Scenes in the Tarot: the Nine of Swords

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Fiery K. Tarot

(italics mine)

“Guilty Conscience”- is a key phrase I never really connected with the Nine of Swords until seeing the above graphic after listening to the various parts in Great Expectations where the protagonist Pip is tormented by anxiety after committing some heinous (to him) deed that he was sure he was going to be punished for. The first glimpse we get of the Nine of Swords in Pip’s experience is after he has agreed to steal food and a file for an escaped convict:

from Chapter Two:

“My thoughts strayed from that question as I looked disconsolately at the fire. For, the fugitive out on the marshes with the ironed leg, the mysterious young man, the file, the food, and the dreadful pledge I was under to commit a larceny on those sheltering premises, rose before me in the avenging coals.” (Dickens)

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“Conscience is a dreadful thing when…

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Scenes in the Tarot: Ten of Swords

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Fiery K. Tarot

I guess Drama is just what I associate with the Ten of Swords, because I’m reminded of it again while listening to Great Expectations, by Charles Dickens.

And at some point I”m going to have to explore why there are so many swords in Great Expectations. So far – swords cards are all I”m reminded of. No other suits. Just swords. And I’ve got another post coming on a Nine of Swords connection now too!

In this scene Pip’s sister is working her way up into a hysteria, and according to Pip it’s VERY calculated the entire way through. Having been in similar situations, I will defend her and say it’s more likely she’s NOT as in control  of herself as Pip  thinks, and most likely is standing in the back of her own head, helpless to stop the momentum. In any case, still a decent example of…

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The Spider Community

I just love this entire passage:

I crossed the staircase landing, and entered the room she indicated. From that room, too, the daylight was completely excluded, and it had an airless smell that was oppressive.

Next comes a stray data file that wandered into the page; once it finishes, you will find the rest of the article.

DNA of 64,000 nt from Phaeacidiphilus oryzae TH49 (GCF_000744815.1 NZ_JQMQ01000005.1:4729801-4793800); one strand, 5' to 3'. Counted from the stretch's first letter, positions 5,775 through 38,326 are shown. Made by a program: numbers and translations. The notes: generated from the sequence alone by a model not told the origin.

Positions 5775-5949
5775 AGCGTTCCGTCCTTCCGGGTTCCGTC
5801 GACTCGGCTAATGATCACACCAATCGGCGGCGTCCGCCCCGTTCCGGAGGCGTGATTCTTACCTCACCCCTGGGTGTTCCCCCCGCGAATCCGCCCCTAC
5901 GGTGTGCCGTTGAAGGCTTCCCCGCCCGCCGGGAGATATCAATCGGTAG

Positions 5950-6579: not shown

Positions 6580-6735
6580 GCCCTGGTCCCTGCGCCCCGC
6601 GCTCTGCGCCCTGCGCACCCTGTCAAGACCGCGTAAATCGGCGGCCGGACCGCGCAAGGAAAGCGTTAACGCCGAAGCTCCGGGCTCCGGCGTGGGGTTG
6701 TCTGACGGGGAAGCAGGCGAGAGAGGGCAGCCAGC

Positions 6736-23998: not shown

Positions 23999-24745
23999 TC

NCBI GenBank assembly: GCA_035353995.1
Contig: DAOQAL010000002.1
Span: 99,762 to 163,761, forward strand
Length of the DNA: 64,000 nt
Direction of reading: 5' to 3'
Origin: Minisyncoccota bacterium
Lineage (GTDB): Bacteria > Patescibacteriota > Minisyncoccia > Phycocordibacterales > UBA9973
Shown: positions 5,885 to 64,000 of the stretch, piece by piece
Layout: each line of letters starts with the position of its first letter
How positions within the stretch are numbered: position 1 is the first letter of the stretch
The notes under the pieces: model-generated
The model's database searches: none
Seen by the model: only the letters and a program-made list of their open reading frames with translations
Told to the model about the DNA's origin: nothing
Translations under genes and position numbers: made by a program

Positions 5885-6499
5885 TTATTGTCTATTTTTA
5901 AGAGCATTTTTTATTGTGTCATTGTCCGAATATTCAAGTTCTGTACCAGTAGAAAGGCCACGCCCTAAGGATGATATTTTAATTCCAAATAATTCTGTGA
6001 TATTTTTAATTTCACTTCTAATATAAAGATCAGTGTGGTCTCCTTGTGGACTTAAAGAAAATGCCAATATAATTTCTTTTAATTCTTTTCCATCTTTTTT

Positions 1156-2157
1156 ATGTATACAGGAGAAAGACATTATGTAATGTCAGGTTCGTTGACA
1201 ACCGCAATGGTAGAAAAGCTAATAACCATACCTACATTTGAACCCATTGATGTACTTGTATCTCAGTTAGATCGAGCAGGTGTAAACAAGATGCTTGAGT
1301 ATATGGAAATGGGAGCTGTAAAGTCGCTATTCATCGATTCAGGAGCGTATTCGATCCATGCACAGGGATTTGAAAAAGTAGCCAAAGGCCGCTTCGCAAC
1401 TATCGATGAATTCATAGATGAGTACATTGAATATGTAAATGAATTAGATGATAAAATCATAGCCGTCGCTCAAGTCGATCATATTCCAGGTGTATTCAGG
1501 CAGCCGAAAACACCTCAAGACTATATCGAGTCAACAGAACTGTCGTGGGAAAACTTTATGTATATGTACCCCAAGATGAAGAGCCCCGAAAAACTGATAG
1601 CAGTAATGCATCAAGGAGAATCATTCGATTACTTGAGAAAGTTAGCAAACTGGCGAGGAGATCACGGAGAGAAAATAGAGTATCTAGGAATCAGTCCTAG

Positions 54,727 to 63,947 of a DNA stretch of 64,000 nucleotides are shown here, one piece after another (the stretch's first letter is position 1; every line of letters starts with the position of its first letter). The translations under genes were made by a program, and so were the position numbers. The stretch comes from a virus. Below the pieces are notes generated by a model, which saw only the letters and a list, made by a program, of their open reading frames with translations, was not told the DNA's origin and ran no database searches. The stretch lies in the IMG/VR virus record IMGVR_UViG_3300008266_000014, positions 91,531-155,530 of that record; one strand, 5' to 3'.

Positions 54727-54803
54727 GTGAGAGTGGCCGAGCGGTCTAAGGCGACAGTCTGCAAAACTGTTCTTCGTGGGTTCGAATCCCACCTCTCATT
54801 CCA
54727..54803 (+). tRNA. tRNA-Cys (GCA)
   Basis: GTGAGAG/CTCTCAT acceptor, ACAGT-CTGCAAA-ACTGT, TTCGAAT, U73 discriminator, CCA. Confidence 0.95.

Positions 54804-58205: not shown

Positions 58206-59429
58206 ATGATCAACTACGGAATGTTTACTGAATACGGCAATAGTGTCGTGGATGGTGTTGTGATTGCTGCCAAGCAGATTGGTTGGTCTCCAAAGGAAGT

A fire had been lately kindled in the damp old-fashioned grate,and it was more disposed to go out than to burn up, and the reluctant smoke which hung in the room seemed colder than the clearer air – like our own marsh mist.

Certain wintry branches of candles on the high chimneypiece faintly lighted the chamber: or, it would be more expressive to say, faintly troubled its darkness.

It was spacious, and I dare say had once been handsome, but every discernible thing in it was covered with dust and mould, and dropping to pieces. The most prominent object was a long table with a table-cloth spread on it, as if a feast had been in preparation when the house and the clocks all stopped together.

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An epergne or centrepiece of some kind was in the middle of this cloth; it was so heavily overhung with cobwebs that its form was quite undistinguishable; and, as I looked along the yellow expanse out of which I remember its seeming to grow, like a black fungus, I saw speckled-legged spiders with blotchy bodies running home to it, and running out from it, as if some circumstances of the greatest public importance had just transpired in the spider community.

I heard the mice too, rattling behind the panels, as if the same occurrence were important to their interests.

But, the blackbeetles took no notice of the agitation, and groped about the hearth in a ponderous elderly way, as if they were short-sighted and hard of hearing, and not on terms with one another.

These crawling things had fascinated my attention and I was watching them from a distance, when Miss Havisham laid a hand upon my shoulder. In her other hand she had a crutch-headed stick on which she leaned, and she looked like the Witch of the place.

dining rm
“It’s a bride cake. Mine!”
A. A. Dixon (1905)
taken from www.victorianweb.org